“Oh, I can hear the politicians now, deriding that idea, he laughed in mock sarcasm!  But, Nav, it will be a test of their leadership.  The Premier will have to admit to being wrong; she will have to shelve millions of dollars of design work already underway.  She will need courage to tell the public that there is a better approach.  I believe the public will embrace the idea but only if she has what it takes to tell the whole truth of Muskrat’s high cost and high risk, before it is too late.
“If she refuses that duty, the Premier is merely inviting the people of the Province to risk screwing themselves, in order to screw Quebec, he growled.  She is a willing partner, engaged in crazy politics, worse economics and the betrayal of our intelligence, as a people.

“Now, let’s deal with the caveat I placed on building the transmission line to the island”.  Gnarley stiffened in a posture that dared his sole listener to mistake his carefully crafted analysis:  “In the unlikely event that Hydro Quebec won’t sell us power at a competitive price, let’s forget the Labrador link, as well as the generation plant.  Completely, he added!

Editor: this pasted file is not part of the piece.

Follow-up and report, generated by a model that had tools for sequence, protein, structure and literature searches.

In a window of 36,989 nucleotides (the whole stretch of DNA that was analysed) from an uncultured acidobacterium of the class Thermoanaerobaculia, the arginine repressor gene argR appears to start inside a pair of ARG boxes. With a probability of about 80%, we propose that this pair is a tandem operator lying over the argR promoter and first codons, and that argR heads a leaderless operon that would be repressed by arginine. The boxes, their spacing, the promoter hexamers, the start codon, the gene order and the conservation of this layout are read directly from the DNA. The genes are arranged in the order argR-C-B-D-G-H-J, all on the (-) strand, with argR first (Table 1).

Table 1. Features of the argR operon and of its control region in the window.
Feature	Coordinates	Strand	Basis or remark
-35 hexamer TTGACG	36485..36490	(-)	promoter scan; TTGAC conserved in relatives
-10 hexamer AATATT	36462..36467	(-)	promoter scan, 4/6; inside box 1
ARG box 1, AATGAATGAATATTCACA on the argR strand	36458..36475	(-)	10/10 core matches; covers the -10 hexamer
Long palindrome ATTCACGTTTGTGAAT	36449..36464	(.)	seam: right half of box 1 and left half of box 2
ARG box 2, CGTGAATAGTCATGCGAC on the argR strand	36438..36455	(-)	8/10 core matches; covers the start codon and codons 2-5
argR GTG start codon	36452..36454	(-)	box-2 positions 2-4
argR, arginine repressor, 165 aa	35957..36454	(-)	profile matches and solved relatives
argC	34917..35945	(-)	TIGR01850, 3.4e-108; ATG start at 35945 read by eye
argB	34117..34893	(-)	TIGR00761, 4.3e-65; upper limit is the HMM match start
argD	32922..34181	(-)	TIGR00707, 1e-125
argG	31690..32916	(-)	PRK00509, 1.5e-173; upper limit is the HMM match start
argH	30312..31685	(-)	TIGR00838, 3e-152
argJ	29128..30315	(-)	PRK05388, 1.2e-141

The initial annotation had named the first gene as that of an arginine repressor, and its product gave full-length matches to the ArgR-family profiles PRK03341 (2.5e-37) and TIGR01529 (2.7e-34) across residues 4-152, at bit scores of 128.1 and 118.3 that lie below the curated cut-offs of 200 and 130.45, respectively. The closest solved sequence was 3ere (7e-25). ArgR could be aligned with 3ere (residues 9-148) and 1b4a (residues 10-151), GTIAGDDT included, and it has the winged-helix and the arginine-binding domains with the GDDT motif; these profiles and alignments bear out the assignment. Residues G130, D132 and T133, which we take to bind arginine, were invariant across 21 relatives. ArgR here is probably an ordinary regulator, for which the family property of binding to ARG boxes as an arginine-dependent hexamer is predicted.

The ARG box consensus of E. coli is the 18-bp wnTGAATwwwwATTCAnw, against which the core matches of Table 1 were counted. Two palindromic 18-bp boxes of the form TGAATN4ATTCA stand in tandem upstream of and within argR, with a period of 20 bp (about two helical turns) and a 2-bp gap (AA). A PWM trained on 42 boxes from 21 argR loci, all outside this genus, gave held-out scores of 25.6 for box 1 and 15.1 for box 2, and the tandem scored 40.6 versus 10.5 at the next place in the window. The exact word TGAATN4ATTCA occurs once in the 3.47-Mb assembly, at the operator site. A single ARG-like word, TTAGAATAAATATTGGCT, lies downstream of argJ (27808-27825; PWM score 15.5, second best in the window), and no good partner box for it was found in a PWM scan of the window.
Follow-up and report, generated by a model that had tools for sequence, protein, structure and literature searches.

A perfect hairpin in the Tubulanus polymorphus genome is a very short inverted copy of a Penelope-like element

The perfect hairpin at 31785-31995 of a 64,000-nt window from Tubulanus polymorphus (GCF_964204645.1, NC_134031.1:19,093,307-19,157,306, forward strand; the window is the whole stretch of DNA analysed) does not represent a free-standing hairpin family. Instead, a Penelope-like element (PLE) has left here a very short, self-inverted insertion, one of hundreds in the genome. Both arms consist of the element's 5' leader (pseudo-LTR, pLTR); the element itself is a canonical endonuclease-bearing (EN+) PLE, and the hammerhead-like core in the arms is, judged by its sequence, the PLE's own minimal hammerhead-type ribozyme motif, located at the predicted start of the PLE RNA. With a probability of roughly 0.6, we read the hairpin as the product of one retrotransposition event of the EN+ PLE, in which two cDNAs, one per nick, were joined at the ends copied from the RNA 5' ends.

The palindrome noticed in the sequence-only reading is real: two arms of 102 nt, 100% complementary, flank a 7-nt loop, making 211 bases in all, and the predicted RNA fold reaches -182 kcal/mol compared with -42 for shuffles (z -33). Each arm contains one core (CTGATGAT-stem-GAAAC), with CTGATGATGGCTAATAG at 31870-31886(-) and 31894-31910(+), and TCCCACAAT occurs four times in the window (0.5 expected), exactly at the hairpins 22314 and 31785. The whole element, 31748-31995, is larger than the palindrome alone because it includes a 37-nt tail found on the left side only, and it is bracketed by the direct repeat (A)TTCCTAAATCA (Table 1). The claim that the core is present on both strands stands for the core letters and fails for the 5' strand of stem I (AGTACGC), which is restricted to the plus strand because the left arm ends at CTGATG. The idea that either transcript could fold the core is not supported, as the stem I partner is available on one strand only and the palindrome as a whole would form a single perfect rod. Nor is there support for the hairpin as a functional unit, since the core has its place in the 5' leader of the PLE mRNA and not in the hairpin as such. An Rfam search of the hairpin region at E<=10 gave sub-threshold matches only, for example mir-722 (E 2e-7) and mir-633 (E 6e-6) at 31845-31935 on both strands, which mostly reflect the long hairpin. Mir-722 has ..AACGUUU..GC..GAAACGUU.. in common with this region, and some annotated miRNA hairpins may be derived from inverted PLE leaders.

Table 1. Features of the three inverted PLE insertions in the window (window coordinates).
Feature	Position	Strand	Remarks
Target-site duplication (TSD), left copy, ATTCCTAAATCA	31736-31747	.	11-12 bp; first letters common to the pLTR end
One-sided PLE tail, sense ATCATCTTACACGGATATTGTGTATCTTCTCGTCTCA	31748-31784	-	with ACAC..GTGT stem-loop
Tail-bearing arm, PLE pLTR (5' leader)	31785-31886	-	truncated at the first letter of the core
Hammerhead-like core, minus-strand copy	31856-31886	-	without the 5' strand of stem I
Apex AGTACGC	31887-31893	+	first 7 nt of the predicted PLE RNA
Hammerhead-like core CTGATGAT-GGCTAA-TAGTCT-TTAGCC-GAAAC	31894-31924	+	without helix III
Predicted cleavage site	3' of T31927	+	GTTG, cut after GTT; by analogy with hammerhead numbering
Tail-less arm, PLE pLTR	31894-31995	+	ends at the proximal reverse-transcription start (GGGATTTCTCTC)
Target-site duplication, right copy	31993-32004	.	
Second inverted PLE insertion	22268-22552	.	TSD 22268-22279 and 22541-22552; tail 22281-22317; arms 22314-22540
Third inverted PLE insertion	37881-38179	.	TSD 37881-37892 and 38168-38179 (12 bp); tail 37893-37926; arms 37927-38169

Realizing exactly what Gnarley had prescribed, as if for further emphasis, I asked the obvious: you are suggesting that the Province scrap the entire Muskrat venture?  “You mean ‘misadventure’ don’t you, Nav”, suggested Gnarley and laughed a little.  Getting serious again, his face wore the grim aspect of one deeply worried.  “They really have no choice, Nav.  Unless, we can access very cheap power, the project is too risky and much too expensive.

“Now, Nav, the final question is, do we have other alternatives, if Hydro Quebec won’t sell us power at a cost at least competitive with what they recently sold the State of Vermont?